The AFR reported that eBay Australia says today will be its busiest day of the year as people begin their gift shopping in earnest, with an estimated 2.6 million visitors predicted on the site. The busiest hour is expected between 8pm and 9pm - when dinner is over and Australians are settled down with their devices - with the most manic 15 minutes of 2018 anticipated to come between 8.30pm and 8.45pm. More than three-quarters of visitors will be shopping on mobile devices. Past trends suggest consumers will be thinking of their children first, with a toy predicted to be sold every three seconds. But, fear not, as they won't be neglecting their own Christmas cheer, with a bottle of alcohol forcast to be sold every 42 seconds.

Myer board face strike over pay

The AFR reported that Solomon Lew is expected to deliver a second "strike" over pay at Myer's annual meeting today, but the besieged retailer is likely to avoid a spill of their board. The Australian Securities and Investments Commission is understood to be examining two letters from Mr Lew to Myer shareholders which the board  questioned. Speaking after the Premier Investments AGM on Thursday, Mr Lew repeated his criticism of Myer's board. Myer were recently forced into a trading halt to announce their sales figures for the first quarter had declined by 4.8%, after information was leaked to The Australian Financial Review.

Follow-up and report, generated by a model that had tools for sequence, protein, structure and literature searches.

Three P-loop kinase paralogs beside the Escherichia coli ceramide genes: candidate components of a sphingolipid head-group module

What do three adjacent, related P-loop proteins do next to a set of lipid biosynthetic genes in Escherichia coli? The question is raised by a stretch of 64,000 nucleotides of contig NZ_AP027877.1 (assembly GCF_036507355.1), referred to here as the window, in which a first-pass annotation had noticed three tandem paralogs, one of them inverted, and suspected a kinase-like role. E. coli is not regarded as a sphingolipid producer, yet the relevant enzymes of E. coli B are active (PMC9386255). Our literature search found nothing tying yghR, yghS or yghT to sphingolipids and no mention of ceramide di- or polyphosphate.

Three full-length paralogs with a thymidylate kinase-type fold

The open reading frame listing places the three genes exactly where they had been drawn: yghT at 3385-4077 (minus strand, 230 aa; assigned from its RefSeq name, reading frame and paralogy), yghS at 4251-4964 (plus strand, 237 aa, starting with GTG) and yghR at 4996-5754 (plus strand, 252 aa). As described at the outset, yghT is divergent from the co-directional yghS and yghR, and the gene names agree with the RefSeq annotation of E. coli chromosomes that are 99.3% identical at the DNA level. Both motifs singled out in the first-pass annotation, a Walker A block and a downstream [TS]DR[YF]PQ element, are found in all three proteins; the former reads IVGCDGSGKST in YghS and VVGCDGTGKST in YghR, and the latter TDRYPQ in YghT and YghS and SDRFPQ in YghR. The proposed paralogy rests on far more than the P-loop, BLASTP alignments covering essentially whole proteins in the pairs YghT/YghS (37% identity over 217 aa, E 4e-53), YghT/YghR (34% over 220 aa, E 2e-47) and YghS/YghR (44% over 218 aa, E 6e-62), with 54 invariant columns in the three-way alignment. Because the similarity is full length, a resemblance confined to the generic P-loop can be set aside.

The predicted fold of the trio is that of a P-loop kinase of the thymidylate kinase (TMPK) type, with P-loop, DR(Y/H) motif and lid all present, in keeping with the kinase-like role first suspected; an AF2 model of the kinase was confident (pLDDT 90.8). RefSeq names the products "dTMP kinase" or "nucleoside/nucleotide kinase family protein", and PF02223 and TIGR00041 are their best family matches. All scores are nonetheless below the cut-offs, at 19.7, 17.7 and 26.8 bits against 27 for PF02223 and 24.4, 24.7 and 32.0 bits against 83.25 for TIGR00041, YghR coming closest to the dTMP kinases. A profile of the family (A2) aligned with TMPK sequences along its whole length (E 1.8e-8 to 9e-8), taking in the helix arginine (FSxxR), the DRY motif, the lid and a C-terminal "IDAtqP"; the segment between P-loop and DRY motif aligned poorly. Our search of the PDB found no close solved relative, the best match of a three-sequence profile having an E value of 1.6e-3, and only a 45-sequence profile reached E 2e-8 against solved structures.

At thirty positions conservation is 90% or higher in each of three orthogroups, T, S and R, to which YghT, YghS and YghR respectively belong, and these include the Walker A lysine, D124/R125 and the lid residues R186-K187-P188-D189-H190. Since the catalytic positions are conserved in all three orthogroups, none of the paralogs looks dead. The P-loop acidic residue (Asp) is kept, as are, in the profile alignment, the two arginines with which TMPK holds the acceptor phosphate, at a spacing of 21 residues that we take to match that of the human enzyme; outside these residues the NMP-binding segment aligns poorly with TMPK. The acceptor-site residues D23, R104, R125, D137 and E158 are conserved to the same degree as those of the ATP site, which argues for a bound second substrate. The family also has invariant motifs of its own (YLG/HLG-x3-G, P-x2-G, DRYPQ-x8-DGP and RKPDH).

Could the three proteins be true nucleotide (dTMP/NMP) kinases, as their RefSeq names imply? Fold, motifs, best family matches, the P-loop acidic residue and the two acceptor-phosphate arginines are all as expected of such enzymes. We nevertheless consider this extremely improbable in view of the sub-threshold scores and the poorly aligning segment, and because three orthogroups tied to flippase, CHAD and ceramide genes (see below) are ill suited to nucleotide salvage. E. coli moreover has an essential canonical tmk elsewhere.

Amazon undercuts Woolworths and Coles on household staples

The AFR reported that Amazon has launched an assault on Australia's $100 billion food and grocery market, prompting complaints from Woolworths that multinational suppliers are favouring the e-commerce giant with lower prices. After stepping up pressure on Woolworths and Coles by adding food and beverages to its non-food pantry range last month, Amazon Australia is now undercutting the dominant supermarket chains by as much as 50% on household staples. Woolworths, which accounts for about 38% of the food and grocery market, plans to seek a "please explain" from suppliers, threatening to remove underperforming brands from its shelves. It seems to us like Woolworths' reaction is exactly the PR Amazon was seeking.

Celebrity and ethical brands upend US$52 billion beauty industry